Vitamin D Substitution after Roux-en-Y Gastric Bypass
Earlier this week, I visited Drs. Jeffery Genaw and Arthur Carlin, bariatric surgeons, at the Henry Ford Hospital in Detroit, MI. I would not only like to thank them for their great hospitality and allowing us to see their new bariatric surgical unit but would also like to take the time to highlight a piece of recent research done by Carlin and colleagues, just published in SOARD.
As some readers of this blog may be aware, vitamin D (VidtD) depletion is a common finding (up to 60%) in patients with morbid obesity presenting for surgery. Currently, despite recommended daily supplementation with 800 IU VitD and 1500 mg calcium after Roux-en-Y gastric bypass (RYGB), VitD depletion persists in almost one half (44%) of patients.
Carlin and colleagues now performed a randomized controlled study in 60 VitD-depleted morbidly obese women who were given conventional supplementation or an additional 50,000 IU of VitD weekly after RYGB.
At 1 year after RYGB, only 14% in the high-dose VitD group showed VitD depletion compared to 85% in the regular dose group. The high-dose group also showed a significant 33% retardation in hip bone mineral density decline and a significantly greater resolution of hypertension (75% versus 32%).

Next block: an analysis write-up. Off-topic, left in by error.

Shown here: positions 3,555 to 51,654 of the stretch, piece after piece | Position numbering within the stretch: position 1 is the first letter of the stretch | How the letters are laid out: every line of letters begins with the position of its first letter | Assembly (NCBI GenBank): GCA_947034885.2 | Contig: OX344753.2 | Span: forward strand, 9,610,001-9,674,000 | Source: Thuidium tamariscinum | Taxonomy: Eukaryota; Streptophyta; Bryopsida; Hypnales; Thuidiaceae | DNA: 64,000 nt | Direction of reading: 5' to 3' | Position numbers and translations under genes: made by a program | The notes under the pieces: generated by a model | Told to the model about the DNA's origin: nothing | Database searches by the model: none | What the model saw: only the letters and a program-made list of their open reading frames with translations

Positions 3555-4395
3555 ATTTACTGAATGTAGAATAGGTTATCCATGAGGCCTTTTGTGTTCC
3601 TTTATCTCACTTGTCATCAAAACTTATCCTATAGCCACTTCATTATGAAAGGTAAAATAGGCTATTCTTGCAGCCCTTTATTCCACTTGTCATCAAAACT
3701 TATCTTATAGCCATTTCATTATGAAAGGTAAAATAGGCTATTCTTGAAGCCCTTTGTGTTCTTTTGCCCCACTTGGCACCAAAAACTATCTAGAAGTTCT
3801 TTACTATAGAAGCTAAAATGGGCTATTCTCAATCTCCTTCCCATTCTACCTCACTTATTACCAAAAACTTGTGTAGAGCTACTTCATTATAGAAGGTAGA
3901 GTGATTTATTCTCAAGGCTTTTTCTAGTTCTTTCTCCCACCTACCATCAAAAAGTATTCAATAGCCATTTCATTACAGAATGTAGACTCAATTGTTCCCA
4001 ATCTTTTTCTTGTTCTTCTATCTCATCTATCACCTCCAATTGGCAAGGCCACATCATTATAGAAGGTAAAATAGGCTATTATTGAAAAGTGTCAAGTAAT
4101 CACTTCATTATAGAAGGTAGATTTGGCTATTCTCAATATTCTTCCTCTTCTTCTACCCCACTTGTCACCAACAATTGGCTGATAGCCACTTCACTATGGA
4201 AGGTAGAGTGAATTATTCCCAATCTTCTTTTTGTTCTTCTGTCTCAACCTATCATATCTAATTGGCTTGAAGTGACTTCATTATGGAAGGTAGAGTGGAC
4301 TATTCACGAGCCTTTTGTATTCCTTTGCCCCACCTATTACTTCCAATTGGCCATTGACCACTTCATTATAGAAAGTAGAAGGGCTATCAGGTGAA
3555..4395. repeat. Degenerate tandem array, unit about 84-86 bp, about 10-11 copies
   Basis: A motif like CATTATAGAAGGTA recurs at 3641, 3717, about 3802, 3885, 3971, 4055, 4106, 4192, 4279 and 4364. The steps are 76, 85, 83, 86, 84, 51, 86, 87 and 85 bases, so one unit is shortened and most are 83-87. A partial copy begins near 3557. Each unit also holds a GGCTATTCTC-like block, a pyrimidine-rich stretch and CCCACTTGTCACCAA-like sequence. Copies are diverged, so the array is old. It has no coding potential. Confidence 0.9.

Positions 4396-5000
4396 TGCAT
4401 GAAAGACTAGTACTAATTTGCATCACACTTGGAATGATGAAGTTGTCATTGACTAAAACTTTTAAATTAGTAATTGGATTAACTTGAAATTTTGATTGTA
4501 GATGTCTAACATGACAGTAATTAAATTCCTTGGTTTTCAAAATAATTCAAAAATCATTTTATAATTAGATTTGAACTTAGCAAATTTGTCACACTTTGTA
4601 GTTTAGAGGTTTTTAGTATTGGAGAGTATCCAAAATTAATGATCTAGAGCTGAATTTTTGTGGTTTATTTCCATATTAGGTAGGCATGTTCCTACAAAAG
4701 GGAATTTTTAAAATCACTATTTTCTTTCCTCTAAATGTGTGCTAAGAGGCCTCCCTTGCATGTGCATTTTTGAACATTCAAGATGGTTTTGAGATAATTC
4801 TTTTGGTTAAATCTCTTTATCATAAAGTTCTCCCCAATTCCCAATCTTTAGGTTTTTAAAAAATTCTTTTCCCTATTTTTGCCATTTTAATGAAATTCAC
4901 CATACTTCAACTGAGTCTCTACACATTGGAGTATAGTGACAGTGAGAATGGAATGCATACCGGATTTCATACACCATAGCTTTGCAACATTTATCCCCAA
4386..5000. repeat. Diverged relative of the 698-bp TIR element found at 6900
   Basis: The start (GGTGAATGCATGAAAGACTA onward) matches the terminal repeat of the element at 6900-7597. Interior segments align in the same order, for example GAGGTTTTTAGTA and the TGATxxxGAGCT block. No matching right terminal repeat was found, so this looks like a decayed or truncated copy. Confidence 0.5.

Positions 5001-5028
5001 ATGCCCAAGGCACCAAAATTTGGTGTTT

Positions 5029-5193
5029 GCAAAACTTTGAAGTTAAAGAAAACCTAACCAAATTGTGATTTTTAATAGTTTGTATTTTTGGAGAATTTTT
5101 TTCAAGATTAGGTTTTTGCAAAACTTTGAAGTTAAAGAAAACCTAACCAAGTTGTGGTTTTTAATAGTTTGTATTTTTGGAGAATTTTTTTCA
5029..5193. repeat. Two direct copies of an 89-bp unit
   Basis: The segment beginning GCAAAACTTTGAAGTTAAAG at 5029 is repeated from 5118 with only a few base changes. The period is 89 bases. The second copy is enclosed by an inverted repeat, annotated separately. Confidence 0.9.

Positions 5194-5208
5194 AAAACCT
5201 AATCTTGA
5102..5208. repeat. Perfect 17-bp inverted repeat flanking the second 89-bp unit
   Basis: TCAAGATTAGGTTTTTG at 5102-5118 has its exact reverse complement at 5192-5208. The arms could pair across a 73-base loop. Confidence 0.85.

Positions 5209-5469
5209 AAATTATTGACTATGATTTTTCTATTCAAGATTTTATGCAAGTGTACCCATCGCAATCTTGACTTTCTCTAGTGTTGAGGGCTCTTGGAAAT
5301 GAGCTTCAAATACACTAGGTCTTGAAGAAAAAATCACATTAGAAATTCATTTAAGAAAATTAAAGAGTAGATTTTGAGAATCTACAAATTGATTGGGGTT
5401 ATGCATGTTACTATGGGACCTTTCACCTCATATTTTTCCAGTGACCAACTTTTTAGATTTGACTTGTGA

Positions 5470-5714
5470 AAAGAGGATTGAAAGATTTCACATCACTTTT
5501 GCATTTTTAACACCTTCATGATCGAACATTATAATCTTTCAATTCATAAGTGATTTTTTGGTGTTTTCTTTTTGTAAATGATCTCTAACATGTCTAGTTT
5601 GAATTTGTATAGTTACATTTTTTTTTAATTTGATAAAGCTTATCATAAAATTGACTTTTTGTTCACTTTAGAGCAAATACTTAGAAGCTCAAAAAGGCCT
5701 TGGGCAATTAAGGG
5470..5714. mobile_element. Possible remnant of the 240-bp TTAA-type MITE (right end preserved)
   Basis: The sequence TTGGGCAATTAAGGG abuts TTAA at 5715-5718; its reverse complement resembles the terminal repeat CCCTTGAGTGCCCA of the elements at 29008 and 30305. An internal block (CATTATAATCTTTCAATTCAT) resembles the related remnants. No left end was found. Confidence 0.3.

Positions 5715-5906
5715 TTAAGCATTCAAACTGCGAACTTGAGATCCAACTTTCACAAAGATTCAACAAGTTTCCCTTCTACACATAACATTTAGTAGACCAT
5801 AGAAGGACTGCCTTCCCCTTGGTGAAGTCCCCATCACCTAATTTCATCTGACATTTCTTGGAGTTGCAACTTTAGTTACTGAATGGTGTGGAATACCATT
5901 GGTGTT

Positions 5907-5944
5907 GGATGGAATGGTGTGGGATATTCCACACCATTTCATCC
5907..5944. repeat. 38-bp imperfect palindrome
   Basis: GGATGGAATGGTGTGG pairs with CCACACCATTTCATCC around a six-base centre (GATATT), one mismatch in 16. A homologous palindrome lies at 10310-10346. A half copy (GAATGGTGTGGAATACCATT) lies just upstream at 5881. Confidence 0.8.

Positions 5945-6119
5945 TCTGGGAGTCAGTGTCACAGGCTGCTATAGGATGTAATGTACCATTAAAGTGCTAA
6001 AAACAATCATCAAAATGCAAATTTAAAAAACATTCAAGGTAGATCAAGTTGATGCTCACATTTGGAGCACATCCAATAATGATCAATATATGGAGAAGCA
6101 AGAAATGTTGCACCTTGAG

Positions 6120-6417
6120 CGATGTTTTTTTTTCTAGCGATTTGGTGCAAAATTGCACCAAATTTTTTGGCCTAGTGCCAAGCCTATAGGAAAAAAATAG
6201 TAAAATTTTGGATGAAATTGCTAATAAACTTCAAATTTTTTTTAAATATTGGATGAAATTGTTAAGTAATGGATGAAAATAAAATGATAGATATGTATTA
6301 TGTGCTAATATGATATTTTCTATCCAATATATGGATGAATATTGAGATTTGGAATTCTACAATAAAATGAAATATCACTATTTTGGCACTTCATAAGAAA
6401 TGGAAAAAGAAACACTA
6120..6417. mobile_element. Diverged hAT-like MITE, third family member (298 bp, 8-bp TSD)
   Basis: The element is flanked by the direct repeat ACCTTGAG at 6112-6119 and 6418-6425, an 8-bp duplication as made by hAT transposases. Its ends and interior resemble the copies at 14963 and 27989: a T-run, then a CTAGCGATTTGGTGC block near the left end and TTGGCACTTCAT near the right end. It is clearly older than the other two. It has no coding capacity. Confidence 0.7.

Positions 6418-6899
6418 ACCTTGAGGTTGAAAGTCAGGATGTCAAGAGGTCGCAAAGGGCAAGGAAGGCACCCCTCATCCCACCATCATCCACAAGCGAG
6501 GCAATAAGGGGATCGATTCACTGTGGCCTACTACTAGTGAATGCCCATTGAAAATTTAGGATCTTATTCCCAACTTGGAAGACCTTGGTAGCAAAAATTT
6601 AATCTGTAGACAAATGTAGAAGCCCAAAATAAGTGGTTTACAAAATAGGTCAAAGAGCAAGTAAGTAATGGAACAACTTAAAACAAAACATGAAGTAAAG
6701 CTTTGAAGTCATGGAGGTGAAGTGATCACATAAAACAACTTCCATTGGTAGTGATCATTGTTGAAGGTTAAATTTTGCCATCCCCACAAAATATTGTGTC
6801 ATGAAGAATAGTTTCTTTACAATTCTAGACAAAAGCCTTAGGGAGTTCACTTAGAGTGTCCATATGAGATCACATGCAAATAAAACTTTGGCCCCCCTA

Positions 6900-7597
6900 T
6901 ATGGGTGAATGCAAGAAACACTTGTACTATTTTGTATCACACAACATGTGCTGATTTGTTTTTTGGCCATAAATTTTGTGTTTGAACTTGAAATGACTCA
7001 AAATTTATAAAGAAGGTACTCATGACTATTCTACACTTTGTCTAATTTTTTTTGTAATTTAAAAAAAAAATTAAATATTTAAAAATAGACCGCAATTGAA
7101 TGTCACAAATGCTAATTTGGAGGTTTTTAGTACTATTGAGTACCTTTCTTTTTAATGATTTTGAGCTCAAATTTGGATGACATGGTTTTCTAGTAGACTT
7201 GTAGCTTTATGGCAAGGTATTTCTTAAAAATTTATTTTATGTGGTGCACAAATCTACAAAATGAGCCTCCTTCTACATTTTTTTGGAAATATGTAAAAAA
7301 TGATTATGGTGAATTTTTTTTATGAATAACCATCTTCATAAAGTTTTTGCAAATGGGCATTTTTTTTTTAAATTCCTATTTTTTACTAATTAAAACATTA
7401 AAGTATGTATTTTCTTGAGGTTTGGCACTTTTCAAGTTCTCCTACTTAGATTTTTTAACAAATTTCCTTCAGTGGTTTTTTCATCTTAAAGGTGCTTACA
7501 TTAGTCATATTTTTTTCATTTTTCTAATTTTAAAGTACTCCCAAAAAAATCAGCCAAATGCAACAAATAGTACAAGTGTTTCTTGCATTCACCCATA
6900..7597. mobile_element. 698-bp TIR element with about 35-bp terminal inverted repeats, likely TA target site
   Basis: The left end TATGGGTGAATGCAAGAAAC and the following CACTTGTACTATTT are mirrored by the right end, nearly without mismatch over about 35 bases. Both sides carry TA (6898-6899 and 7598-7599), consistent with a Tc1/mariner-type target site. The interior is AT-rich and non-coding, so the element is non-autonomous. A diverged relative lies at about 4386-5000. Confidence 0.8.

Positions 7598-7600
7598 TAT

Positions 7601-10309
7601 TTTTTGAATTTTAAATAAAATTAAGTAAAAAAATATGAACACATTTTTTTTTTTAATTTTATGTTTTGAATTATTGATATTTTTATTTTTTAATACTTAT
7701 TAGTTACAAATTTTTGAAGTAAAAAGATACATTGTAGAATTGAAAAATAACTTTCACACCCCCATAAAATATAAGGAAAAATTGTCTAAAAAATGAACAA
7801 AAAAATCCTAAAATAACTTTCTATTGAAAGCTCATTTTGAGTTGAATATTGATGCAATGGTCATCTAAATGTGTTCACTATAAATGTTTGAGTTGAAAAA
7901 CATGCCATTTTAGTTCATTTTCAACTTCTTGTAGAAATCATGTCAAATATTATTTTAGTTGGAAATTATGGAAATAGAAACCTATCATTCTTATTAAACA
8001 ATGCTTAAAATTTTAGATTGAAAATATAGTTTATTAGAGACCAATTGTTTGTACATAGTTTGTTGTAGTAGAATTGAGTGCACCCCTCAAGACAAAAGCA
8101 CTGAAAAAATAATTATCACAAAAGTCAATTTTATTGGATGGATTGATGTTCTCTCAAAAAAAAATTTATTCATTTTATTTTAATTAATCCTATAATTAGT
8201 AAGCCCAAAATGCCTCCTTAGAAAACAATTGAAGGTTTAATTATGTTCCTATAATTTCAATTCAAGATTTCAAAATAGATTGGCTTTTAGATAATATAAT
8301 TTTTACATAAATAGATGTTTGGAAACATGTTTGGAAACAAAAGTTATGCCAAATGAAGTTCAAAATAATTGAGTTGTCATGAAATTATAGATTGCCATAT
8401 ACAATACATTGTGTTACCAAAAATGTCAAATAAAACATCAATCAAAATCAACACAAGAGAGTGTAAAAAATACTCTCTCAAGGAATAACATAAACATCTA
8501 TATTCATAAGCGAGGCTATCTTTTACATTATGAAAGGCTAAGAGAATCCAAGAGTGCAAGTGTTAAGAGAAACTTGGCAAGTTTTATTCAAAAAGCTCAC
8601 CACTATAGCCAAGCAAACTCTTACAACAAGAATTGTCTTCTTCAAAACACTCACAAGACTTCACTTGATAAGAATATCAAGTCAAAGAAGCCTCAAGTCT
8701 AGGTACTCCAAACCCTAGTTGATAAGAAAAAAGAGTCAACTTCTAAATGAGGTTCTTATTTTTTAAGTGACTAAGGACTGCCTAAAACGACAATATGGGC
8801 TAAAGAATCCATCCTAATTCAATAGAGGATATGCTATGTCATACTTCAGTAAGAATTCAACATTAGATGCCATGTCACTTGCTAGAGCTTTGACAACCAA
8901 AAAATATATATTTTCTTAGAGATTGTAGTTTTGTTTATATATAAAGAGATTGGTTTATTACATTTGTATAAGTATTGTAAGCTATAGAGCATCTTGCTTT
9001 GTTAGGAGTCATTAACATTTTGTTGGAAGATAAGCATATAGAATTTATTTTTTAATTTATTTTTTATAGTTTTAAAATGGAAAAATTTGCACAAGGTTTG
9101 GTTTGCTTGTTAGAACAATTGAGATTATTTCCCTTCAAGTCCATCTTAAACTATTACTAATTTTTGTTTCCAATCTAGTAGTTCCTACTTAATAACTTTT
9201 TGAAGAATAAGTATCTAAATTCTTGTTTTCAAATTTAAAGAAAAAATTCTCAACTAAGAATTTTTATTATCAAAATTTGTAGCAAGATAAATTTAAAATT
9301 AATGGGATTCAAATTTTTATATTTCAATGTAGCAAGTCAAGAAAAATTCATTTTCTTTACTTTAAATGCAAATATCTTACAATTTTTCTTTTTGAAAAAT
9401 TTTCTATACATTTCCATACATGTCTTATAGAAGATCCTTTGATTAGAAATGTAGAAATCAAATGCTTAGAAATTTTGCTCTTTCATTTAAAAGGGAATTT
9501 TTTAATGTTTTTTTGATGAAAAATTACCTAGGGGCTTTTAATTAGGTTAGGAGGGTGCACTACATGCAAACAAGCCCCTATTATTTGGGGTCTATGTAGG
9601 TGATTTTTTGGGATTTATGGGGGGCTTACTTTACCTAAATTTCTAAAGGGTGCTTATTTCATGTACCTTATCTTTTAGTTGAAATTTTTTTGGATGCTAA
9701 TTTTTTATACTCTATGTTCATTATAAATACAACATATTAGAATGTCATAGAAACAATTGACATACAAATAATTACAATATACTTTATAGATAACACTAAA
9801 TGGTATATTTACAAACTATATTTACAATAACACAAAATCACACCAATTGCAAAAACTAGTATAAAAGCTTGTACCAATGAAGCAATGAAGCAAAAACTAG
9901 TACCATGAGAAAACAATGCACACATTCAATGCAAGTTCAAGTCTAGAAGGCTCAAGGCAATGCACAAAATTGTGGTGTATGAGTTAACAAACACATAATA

No significant adverse effects were encountered from pharmacologic VitD therapy.
The authors conclude that 50,000 IU of VitD weekly after RYGB safely corrects VitD depletion in most women, attenuates cortical bone loss, and improves resolution of hypertension.
I am particularly intrigued by the observation that high-dose VitD improved hypertension, as failure of hypertension resolution after bypass surgery has been a puzzling finding of the SOS trial. Perhaps VitD status is the answer? Certainly an observation that warrants further study.
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